“For some countries that have returned close to full employment, the time has come to think about gradual fiscal consolidation to reduce swollen public debt levels and build buffers against the next recession. Higher infrastructure and educational spending, which are needed in some countries that do have fiscal space, can have the added benefit of boosting global demand just as consolidation measures elsewhere subtract from it. This multilateral fiscal policy mix can also help reduce excess global imbalances.

“Critically important to growth that can be sustained and shared by all is investment in people at all life cycle stages, but especially the young. Better education, training, and retraining can both ease labor market adjustment to long-term economic transformation — from all sources, not only trade — and raise productivity. In the short term, the excessive youth unemployment that afflicts many countries urgently deserves attention. Investing in human capital should also push labor’s income share upward, contrary to the broad trend of recent decades, but governments should also consider correcting distortions that may have reduced workers’ bargaining power excessively.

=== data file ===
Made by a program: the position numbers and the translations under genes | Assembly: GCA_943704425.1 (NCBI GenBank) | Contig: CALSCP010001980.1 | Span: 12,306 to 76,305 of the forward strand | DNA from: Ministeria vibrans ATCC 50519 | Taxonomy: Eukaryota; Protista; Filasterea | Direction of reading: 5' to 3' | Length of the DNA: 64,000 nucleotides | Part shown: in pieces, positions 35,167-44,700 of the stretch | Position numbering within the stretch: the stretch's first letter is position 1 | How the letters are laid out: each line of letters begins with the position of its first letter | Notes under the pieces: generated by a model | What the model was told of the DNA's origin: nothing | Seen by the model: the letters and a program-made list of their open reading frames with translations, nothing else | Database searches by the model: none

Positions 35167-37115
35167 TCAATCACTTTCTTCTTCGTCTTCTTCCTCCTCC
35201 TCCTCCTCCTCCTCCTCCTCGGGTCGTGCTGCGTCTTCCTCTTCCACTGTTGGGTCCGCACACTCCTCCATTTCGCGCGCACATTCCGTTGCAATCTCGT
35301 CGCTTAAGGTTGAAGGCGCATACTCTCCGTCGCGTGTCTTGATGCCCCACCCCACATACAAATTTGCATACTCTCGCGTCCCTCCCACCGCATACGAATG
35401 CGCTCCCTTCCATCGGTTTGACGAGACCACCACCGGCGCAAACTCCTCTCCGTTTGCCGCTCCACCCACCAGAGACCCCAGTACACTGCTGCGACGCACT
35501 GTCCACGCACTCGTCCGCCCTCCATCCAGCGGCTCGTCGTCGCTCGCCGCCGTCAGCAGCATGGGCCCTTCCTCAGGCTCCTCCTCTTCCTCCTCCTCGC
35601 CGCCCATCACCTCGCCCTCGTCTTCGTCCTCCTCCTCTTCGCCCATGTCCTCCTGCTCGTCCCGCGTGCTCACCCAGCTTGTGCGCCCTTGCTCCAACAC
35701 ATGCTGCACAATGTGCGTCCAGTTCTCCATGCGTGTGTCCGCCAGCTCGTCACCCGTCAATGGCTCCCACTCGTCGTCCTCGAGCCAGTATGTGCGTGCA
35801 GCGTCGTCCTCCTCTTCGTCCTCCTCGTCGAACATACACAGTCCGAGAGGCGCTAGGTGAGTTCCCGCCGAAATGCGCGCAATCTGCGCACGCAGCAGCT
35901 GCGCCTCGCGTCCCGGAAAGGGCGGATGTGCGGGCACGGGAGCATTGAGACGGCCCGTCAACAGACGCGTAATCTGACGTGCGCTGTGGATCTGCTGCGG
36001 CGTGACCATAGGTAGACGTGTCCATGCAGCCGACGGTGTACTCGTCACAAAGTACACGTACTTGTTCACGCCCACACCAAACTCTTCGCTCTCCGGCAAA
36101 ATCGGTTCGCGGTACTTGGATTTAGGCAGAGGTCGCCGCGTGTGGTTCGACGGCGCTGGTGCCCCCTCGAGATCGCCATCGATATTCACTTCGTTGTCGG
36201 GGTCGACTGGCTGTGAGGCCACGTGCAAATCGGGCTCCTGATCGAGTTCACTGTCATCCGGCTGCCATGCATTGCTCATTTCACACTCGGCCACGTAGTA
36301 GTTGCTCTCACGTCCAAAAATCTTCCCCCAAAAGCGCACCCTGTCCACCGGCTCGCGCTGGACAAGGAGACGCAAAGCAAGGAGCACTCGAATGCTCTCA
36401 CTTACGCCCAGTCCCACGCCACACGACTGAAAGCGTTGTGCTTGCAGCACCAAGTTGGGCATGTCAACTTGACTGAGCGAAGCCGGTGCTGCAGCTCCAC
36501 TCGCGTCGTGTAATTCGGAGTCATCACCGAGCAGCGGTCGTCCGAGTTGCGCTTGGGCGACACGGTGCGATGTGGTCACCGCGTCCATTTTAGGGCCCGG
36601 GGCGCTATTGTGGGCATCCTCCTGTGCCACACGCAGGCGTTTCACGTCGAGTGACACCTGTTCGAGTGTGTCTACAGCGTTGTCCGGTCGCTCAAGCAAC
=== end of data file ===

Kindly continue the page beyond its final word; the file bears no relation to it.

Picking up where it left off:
“In sum, structural and fiscal policy together should promote economic conditions conducive to sustainable and more inclusive real wage growth.

“The third policy prong, monetary policy, still has a key role to play. Earlier deflation threats in advanced economies have receded considerably, but inflation has remained puzzlingly low even as unemployment rates have come down. Clear central bank communication and the smooth execution of monetary policy normalization, where and when appropriate, remain crucial. Success will help prevent market turbulence and sudden tightening of financial conditions which could disrupt the recovery with spillovers to emerging and developing economies.

“Those economies, in turn, face diverse monetary policy challenges but should continue where possible to use exchange rate flexibility as a buffer against external shocks, paying due attention to implications for price stability.